Empirical Investigation on the Evolution of BI Maturity in Malaysian Organizations

Empirical Investigation on the Evolution of BI Maturity in Malaysian Organizations

In Lih Ong (Universiti Tunku Abdul Rahman, Malaysia) and Pei Hwa Siew (Universiti Tunku Abdul Rahman, Malaysia)
DOI: 10.4018/978-1-4666-7272-7.ch012
OnDemand PDF Download:
No Current Special Offers


Many organizations have recognized the importance of increasing commitment towards delivering long-term success of Business Intelligence (BI). However, effective BI strategies and governance to accommodate the rapid growth of data volumes are still scarce. Furthermore, there appears to be low usage rates of BI and analytics among business users. Consequently, many organizations are still positioned at either low or moderate levels in the BI maturity chart. In view of these issues, this chapter explores and develops a multi-dimensional BI maturity model that serves as a guideline to lift the BI capabilities of an organization for effectively planning, assessing, and managing BI initiatives. The focus of this research is to assess the current BI maturity level in Malaysian organizations and identify factors that affect the BI maturity. It also examines the effect of organization's demographic variables (i.e., types of industry, organizational size, and age of BI initiatives) on the BI maturity.
Chapter Preview

Business Intelligence

From a historical standpoint, the underlying concept of BI is not new one. It has existed over the last 50 years in the area of information systems (IS). According to Wixom et al. (2011), the origins of BI can be traced back to the early 1970s when decision support systems (DSS) were first introduced. Over the years, numerous applications such as executive information systems (EIS), online analytical processing (OLAP), data mining, predictive analytics, and dashboards have emerged and added to the domain of decision support applications (Watson and Wixom, 2007).

The term “business intelligence” was first used by Hans Peter Luhn in 1958 in an IBM journal article. However, BI became widely recognized in the 1990s only after it was used by Howard Dresner, a research analyst of Gartner Group in 1989 (Shollo and Kautz, 2010). According to Power (2002), Howard Dresner explained BI as “a set of concepts and methods to improve business decision making by using fact-based support systems” (p. 128).

Even though there has been a growing interest in BI area, there is no commonly accepted definition of BI. The literature shows that the definition of BI has evolved from a one-dimensional view to a multi-dimensional view (Vitt et al., 2010). Drawing upon extant literature, it was found that the scope and definition of BI have been extended to include the idea that it is product, not just a process. As noted in the study of Jourdan et al. (2008), BI is viewed as both a process and a product. Petrini and Pozzebon (2009) provided a similar distinction of perspectives to BI in terms of technical and managerial perspectives. Shariat and Hightower (2007) characterized BI as a composition of process, technology, and product. Based on the definitions from various sources, four main focus of BI were identified for this research, namely organizational management, process, technology, and outcome as summarized in Table 1.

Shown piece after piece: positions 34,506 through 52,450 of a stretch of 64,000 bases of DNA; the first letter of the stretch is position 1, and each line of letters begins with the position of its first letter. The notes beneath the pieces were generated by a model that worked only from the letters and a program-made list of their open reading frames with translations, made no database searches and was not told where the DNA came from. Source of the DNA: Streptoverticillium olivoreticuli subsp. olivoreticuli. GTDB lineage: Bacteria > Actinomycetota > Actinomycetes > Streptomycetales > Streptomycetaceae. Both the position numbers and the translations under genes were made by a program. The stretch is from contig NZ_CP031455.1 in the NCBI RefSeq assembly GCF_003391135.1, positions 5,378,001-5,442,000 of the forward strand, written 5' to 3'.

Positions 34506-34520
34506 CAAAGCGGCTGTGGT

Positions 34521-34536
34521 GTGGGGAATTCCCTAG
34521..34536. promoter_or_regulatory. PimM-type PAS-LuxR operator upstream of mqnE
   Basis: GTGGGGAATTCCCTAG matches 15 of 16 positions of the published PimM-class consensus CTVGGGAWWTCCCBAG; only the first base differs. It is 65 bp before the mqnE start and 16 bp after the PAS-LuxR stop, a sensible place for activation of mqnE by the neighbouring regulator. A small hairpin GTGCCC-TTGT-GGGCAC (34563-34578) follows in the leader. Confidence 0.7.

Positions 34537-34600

Key Terms in this Chapter

OLAP: Online analytical processing (OLAP) tools “allow the user to query, browse, and summarize information in an efficient, interactive, and dynamic way” ( Shariat and Hightower, 2007 , p. 41).

Analytics: Davenport et al. (2007) AU15: The in-text citation "Davenport et al. (2007)" is not in the reference list. Please correct the citation, add the reference to the list, or delete the citation. describe analytics as “the extensive use of data, statistical and quantitative analysis, explanatory and predictive models, and fact-based management to drive decisions and actions” (p. 7).

Capability Maturity Model: Capability maturity model (CMM), a well-known software process improvement model, was developed by Watts S. Humphrey and his team members from Software Engineering Institute (SEI) of Carnegie Mellon University in 1986 ( Paulk et al., 1993 ). CMM is structured into five maturity levels: initial, repeatable, defined, managed, and optimizing.

Data Warehouse: The function of data warehouse (DW) is to “collect and store integrated sets of historical data from multiple operational systems and feeds them to one or more data marts” ( Williams and Williams, 2007 , p. 201).

Business Intelligence: Business intelligence (BI) refers to “a collection of data warehousing, data mining, analytics, reporting and visualization technologies, tools, and practices to collect, integrate, cleanse, and mine enterprise information for decision making” ( Dayal et al., 2009 , p. 1).

Maturity Model: Tapia et al. (2007) defines maturity model as “a framework that describes, for a specific area of interest, a number of levels of sophistication at which activities in this area can be carried out” (p. 203).

ETL: Williams and Williams (2007) defines extract, transformation, and loading (ETL) as a “process that extracts data from source systems, potentially changes it (transformation process), and loads it into target data stores in the BI/DW environment” (p. 201).

Complete Chapter List

Search this Book: